Post-Partum Herbal Strategy

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In my last post it was mentioned that I used placenta supplements within the context of a more global post-partum herbal strategy.  So for those that might be curious about what exactly this post-partum herbal strategy was, here it is.

But before I start.  Disclaimer: just because it worked for me doesn’t mean it is appropriate or recommended for you.  It is provided purely as brain candy to the herbal geek.  Consult with a skilled herbalist prior to taking any plant-based medicine since it’s just that – medicine.

Part 1 – Post-Partum Weeks 0-2:  Tighten and Soothe

These are the two weeks that your hoo-ha feels like a train-wreck; your hormones make your mind look like a helicopter without a tail-rotor and you’re running on no sleep trying to understand the messages the new little person you’ve plopped out.

This is the time to re-center and bind everything, both literally and figuratively, using herbal astringents.  It’s also good to support them with nerve tonics, demulcents and plants rich in easily assimilated iron and minerals to help replenish the body after the Herculean effort of giving birth.

Three cups a day of the following blend was my take on that:

  • 2 parts uva-ursi (tighten the uterus and keep it infection-free)
  • 2 parts partridge-berry (if you can’t find a cultivated source, use lady’s mantle – DON’T use the wild-crafted herb if you can help it as it is notoriously slow-growing)
  • 1 part raspberry leaf (uterine tonic; there’s only one part since by this point I was so sick of the taste of raspberry leaf that it wasn’t even funny)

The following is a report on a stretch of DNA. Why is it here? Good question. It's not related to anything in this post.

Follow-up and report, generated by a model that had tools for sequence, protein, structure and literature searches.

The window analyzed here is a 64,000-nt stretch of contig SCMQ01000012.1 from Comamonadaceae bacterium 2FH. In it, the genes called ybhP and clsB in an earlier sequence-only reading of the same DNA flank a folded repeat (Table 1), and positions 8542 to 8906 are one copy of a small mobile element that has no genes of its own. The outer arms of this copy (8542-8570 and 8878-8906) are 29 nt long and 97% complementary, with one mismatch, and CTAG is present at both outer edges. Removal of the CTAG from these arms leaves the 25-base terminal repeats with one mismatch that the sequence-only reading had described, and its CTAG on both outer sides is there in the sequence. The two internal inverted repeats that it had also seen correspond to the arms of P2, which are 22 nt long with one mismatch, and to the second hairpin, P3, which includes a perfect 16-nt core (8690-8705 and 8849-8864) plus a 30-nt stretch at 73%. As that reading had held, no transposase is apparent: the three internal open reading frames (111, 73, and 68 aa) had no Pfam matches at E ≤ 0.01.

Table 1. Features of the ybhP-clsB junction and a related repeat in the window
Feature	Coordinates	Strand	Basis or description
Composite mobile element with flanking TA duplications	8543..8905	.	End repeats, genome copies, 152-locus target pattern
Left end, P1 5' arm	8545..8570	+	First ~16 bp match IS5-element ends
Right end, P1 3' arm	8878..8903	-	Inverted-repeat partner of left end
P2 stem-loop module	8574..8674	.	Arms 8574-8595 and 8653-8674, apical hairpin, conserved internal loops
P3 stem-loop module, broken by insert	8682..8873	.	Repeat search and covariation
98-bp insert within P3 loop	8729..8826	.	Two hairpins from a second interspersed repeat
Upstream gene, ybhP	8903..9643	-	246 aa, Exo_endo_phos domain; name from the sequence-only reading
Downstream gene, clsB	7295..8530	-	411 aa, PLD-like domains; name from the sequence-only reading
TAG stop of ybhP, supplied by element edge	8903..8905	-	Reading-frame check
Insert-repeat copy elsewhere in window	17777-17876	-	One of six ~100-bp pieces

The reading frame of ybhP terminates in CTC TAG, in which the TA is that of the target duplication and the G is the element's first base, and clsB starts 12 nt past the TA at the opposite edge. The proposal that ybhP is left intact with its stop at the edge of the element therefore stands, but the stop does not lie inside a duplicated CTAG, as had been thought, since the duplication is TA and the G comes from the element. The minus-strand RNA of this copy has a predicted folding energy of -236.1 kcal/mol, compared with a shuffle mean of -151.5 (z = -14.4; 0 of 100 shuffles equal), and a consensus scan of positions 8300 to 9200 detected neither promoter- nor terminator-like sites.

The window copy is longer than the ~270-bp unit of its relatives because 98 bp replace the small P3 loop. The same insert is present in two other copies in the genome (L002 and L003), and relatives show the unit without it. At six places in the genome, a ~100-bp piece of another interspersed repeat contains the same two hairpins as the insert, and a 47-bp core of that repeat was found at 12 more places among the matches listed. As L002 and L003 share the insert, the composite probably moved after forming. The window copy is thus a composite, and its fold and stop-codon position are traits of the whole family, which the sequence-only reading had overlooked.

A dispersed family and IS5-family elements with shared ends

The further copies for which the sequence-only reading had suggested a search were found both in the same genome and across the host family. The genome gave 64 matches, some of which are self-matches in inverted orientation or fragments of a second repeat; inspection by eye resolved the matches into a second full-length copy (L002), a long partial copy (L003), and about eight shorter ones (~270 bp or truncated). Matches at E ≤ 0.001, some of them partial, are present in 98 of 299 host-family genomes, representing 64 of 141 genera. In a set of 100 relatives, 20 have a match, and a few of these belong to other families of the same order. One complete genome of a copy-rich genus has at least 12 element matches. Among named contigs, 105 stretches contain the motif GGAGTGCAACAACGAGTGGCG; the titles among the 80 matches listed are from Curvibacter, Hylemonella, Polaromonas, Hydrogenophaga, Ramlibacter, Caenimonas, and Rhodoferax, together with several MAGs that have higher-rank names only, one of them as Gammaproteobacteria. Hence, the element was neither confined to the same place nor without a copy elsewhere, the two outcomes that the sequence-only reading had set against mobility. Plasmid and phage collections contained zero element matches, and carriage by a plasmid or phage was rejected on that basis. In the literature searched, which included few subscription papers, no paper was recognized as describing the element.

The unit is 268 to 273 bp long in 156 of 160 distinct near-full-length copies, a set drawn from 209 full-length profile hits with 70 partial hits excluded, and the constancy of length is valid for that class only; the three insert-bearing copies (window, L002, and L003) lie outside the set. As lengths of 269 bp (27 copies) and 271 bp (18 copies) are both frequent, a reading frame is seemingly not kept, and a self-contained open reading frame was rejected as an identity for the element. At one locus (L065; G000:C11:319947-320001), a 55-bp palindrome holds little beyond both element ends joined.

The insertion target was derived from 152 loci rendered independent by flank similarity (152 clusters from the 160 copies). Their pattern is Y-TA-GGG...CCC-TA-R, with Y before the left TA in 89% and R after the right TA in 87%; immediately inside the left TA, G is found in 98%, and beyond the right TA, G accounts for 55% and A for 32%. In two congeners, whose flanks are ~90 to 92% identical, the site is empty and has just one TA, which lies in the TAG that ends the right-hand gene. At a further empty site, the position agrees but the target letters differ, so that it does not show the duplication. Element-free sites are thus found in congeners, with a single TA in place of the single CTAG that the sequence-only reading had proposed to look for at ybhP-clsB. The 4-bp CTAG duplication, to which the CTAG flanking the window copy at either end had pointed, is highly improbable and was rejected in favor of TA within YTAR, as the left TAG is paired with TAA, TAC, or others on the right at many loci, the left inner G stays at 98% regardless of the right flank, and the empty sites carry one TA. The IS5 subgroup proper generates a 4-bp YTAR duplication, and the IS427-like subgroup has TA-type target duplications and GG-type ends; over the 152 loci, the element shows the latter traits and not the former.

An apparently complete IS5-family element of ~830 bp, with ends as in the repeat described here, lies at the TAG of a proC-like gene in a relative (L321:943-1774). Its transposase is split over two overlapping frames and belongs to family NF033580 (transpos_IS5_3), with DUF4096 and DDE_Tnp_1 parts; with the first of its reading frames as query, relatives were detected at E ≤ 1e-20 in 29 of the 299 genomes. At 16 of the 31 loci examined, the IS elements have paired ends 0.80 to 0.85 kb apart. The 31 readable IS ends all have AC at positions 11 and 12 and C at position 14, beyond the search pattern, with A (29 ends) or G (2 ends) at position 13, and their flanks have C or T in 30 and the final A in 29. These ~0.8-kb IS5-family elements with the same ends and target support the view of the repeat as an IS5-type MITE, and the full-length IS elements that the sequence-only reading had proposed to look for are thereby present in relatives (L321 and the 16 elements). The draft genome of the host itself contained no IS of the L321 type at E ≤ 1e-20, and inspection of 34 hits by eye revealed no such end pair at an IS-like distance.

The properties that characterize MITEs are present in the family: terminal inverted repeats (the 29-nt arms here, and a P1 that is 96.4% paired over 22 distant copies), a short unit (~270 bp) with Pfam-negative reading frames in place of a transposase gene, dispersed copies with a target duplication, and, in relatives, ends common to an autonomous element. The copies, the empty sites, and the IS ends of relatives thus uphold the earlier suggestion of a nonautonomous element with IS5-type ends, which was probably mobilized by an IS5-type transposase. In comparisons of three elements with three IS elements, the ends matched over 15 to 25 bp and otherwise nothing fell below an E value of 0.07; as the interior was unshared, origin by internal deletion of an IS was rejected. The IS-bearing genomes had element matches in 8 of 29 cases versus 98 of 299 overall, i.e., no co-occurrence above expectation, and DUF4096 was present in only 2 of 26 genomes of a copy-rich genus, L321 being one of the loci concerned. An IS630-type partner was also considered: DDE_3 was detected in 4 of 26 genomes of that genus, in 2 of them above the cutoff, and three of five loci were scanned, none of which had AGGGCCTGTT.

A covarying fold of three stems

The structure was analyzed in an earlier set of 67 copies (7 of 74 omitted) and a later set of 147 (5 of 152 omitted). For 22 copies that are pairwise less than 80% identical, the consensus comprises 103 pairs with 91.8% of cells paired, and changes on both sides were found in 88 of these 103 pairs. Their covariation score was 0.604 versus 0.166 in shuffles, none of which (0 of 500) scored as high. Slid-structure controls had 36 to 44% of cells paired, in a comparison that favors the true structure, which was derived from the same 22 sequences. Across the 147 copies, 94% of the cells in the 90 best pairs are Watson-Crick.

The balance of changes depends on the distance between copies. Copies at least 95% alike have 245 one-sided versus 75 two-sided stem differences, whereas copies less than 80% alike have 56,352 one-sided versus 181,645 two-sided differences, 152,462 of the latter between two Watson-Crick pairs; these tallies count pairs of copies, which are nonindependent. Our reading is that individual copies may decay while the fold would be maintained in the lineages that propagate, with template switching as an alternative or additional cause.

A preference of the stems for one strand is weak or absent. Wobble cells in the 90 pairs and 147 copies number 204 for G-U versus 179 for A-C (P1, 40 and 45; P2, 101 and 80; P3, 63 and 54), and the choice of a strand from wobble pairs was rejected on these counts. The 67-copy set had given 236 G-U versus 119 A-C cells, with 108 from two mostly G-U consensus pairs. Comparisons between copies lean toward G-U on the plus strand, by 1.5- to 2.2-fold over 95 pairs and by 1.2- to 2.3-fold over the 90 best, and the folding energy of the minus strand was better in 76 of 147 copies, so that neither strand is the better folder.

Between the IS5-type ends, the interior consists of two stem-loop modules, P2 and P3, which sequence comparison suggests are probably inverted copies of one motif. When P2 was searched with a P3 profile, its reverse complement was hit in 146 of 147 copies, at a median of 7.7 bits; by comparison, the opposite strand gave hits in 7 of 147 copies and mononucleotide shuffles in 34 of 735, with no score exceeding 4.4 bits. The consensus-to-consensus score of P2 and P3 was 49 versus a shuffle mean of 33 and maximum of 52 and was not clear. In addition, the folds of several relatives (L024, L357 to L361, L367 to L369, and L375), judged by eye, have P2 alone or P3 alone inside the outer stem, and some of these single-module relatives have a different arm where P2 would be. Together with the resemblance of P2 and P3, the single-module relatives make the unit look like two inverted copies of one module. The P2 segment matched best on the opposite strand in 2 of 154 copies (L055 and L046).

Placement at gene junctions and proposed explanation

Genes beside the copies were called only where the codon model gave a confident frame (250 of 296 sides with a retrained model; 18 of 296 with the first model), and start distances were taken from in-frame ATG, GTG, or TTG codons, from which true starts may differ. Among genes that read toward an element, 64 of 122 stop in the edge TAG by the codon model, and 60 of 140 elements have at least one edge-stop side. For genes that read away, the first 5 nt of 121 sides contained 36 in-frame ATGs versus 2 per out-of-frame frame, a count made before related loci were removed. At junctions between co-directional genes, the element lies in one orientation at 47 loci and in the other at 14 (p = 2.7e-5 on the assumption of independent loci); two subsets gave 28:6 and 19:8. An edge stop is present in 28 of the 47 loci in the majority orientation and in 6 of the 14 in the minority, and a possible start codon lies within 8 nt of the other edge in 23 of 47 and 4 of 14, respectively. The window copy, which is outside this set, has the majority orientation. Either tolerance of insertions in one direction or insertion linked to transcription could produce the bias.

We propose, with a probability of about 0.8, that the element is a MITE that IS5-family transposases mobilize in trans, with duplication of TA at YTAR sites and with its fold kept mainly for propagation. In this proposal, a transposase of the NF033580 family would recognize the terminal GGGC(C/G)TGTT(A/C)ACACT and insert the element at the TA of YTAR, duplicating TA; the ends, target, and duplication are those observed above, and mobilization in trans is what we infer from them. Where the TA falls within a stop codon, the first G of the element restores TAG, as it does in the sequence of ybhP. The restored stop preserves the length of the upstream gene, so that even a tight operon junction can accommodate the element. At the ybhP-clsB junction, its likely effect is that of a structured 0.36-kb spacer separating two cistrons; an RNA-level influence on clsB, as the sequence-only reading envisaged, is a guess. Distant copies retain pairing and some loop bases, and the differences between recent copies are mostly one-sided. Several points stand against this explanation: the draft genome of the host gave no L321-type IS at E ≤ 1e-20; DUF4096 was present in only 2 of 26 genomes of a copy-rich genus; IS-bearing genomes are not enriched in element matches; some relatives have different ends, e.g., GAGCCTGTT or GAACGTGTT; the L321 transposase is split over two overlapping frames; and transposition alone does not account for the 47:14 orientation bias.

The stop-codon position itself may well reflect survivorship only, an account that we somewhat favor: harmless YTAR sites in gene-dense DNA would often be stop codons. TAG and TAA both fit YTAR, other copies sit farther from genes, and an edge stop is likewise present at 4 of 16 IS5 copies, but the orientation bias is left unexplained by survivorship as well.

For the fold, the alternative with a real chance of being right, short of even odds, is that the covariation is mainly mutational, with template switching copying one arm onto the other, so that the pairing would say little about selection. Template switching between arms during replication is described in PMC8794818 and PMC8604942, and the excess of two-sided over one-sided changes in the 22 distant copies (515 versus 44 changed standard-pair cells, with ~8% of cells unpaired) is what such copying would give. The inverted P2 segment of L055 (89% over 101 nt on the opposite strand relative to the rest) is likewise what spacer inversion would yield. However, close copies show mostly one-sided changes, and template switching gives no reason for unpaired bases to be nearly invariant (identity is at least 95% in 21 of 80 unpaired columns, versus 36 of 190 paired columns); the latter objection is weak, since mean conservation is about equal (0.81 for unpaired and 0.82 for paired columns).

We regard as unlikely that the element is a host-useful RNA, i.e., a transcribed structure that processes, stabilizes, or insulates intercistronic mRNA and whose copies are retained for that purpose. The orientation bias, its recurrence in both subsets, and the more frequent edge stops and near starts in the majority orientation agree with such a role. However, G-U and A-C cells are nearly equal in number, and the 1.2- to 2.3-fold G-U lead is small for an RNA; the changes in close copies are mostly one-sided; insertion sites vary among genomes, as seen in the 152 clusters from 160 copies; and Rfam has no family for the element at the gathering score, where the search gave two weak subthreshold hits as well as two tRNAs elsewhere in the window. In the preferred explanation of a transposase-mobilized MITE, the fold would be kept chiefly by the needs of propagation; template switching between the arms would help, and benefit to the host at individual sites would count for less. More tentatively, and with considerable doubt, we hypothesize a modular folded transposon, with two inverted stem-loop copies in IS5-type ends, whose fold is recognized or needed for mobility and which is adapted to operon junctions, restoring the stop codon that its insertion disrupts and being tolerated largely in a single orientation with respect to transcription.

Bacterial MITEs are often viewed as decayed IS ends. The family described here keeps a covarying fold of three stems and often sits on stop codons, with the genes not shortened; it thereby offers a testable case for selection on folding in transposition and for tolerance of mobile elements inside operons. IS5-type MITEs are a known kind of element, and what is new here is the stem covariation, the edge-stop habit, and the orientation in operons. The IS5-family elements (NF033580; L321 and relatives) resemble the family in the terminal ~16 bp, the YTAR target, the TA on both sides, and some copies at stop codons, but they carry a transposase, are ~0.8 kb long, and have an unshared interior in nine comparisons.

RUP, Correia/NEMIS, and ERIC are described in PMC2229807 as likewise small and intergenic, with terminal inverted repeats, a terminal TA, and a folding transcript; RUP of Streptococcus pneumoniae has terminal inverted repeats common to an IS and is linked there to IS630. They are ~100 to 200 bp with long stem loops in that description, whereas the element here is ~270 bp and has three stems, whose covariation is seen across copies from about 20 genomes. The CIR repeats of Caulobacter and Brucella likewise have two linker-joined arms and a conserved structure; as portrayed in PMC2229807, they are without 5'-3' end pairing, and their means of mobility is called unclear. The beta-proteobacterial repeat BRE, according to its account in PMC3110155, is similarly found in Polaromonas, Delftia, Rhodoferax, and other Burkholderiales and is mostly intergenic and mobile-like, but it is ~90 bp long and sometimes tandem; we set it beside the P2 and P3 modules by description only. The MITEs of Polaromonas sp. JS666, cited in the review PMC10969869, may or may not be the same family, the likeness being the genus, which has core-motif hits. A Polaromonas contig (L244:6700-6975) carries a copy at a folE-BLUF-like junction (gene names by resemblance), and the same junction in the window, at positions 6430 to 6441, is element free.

• 2 parts mallow leaf (softens and soothes; this should read comfrey leaf but it shouldn’t be used internally, ahem, so use mallow instead)
  • 1 part nettle (high in minerals; same personal note as for raspberry leaf)
  • 2 parts peppermint (cuz it tastes good; it’s also uplifting)
  • 1 part St-John’s Wort (to elevate mood)

To soothe the bruising and stitches in the nether-regions, the herbal version of the Tucks medicated pads you get to put in your underwear at the hospital is a set of organic cotton wipes soaked in a mild solution of witch hazel.  For those into homeopathy, this would also be the time to whip out your arnica.  For those into flower remedies, a combination of Rescue Remedy and Olive can be a good choice.

On the lifestyle front, try and get some sunshine daily, even if it’s -30°C.  Also try and get a full shower daily, alone if possible.  It will be a Godsend in those first few days and help you feel somewhat human in the face of sleep deprivation.  And keep in mind I said try, reality is that it may simply not be feasible.

Although any exercise is probably out of the question at this point, and if you’ve just given birth you’re giving me the ‘’you gotta be kidding’’ look, do Kegels.  Lots of Kegels.  Tons and tons of Kegels.  Trust me.  They’re what’ll help you sneeze or cough without leaking.  Kegels are your best friend, not Tena pads.  If you have no idea what I’m talking about right now, then you’ll find some answers here: http://www.mayoclinic.org/healthy-living/womens-health/in-depth/kegel-exercises/art-20045283?pg=1 & http://www.theglobeandmail.com/life/health-and-fitness/health-advisor/the-right-way-to-do-kegels-exercise-like-a-jellyfish/article17451679/.

In the diet department, I know that right after delivering all I wanted was greasy pizza and something caffeinated.  Once you get that out of your system however, try and maintain a balanced diet with lots of leafy greens and plenty of water.  Molasses, pomegranate and beet-root are good to rebuild blood while incorporating fennel, asparagus and sesame can help lactation along if that’s necessary.  A couple of recipes that I’ve really enjoyed can be found here: http://www.theppk.com/2011/12/roasted-potato-fennel-soup/ & here: http://www.theppk.com/2012/03/roasty-soba-bowl/.

Part 2 – Post-Partum Weeks 2-6:  Rejuvenate and Nurture

At this point you can probably walk without it looking like there’s a basketball between your legs and you may no longer need a pillow on every chair in the house.  You’re also starting to get to know some of baby’s cues and don’t always feel like the idiot who got left out in the cold with no mothering instinct.  You just feel that way some of the time.